[messengers] City Councilman wants to slap speedy bike messengers with license plates

Date: 26 May 2011 13:19:54 +0200
From: Joe Hendry <messvilleto@xxxxxxxxx>


City Councilman wants to slap speedy bike messengers, food
delivery cyclists with license plates

 

BY ERIN EINHORN  

 

New York
Daily News, May 26th 2011

 

 

A City Councilman wants to slap speedy bike messengers and
food delivery cyclists - with license plates that make them easily
identifiable.

 

"Messengers and folks who work for restaurants tend to
be the worst [traffic law] offenders," said Councilman David Greenfield
(D-Brooklyn). "They have a financial incentive to be reckless drivers.
...It's the Wild West of transportation."

 

Greenfield
is introducing legislation today that would force businesses that hire cyclists
to apply for license plates for each employee's bike.

 

The companies would also have to show proof of insurance -
to cover injuries to their rider and any pedestrians they may plow over.

 

Any business that fails to acquire the city-issued tags
would face a $1,000 fine - and cops would get the green light to seize the
scofflaw bikes.

 

"License plates are the great equalizer," Greenfield insisted.
"If you have a license plate, you're responsible. Everyone knows who you
are. They know who's in charge and we can track you down."

 

License plates, he said, could someday allow cops to bust
bad bikers with red light cameras.

 

Greenfield's
proposal faces an unclear fate in the City Council - but Nancy Gruskin is
pulling for it.

 

Gruskin's husband, Stuart, was killed in midtown two years
ago by a bicycle deliveryman going the wrong way down a one-way street.

 

"A law like this is going to deter cyclists from doing
the wrong thing," said Gruskin, who founded the Stuart C. Gruskin Family
Foundation to push for bike safety and awareness. "There's going to be a
way to track what they're doing more easily."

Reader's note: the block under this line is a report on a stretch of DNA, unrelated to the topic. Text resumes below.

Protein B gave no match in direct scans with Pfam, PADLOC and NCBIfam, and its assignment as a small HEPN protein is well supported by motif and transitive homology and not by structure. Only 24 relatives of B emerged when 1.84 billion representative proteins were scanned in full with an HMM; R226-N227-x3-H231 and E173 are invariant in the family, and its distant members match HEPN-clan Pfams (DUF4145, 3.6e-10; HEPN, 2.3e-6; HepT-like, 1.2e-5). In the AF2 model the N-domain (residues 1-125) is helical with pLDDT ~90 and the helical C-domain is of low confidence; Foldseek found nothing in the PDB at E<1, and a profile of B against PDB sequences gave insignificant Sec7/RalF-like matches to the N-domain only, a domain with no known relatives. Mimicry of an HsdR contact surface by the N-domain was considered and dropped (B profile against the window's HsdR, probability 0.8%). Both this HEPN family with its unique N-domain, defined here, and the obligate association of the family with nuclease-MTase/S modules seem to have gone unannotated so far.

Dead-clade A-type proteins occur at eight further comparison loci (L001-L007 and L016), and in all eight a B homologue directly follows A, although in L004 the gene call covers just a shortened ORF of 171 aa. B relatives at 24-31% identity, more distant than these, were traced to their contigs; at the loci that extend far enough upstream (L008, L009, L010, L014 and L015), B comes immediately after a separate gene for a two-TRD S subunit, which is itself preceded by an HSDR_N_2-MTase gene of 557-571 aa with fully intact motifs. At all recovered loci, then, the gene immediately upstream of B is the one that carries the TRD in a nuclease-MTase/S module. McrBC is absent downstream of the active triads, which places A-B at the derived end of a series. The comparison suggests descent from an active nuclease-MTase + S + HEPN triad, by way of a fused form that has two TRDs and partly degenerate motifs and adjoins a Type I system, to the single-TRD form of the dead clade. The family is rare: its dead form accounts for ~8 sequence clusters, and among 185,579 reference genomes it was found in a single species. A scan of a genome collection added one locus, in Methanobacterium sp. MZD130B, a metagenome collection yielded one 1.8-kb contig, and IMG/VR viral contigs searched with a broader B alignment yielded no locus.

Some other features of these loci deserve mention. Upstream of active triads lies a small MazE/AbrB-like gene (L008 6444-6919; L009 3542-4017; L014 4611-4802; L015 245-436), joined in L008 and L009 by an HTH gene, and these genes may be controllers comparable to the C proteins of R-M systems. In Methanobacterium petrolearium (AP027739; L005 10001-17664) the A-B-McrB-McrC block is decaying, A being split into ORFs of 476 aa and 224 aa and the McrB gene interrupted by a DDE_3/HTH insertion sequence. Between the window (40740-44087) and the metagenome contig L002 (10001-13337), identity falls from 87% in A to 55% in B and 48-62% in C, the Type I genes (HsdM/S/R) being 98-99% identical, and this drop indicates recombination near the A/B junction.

A law like this might have saved her husband's life, she
said.

 

Messengers and restaurant owners say there are already
enough laws on the books - and this measure would just mean more pricey
regulations.

 

"It's not like we need more expenses," said Ghavi
Jaber, who uses bike delivery at his upper West Side
deli, Americana Food. "The situation is bad as it is. ... It has been so
hard for owners and hardworking persons to make a living in this city."

 

Bike messenger Chris (Flash) Palmer of Flash Courier Service
speculated that the law was just a ploy to stuff the city's coffers.

 

"License and insurance doesn't make someone drive a car
safer," he said. "It won't help bicycles, either."

 

Andrew Rigie of the New York State Restaurant Association
noted restaurants already have insurance to cover bike accidents.

 

"To possibly impound a bicycle will jeopardize the
livelihood of hardworking delivery people when we want them out there,
delivering food to people, making money," Rigie said.

 

Current rules require commercial riders to post information
about their employer on their bikes - and to wear clothing identifying their
employer.

 

Rigie urged the Council to instead focus on protecting
delivery riders who are often struck by vehicles and targeted by muggers.

 

 

 


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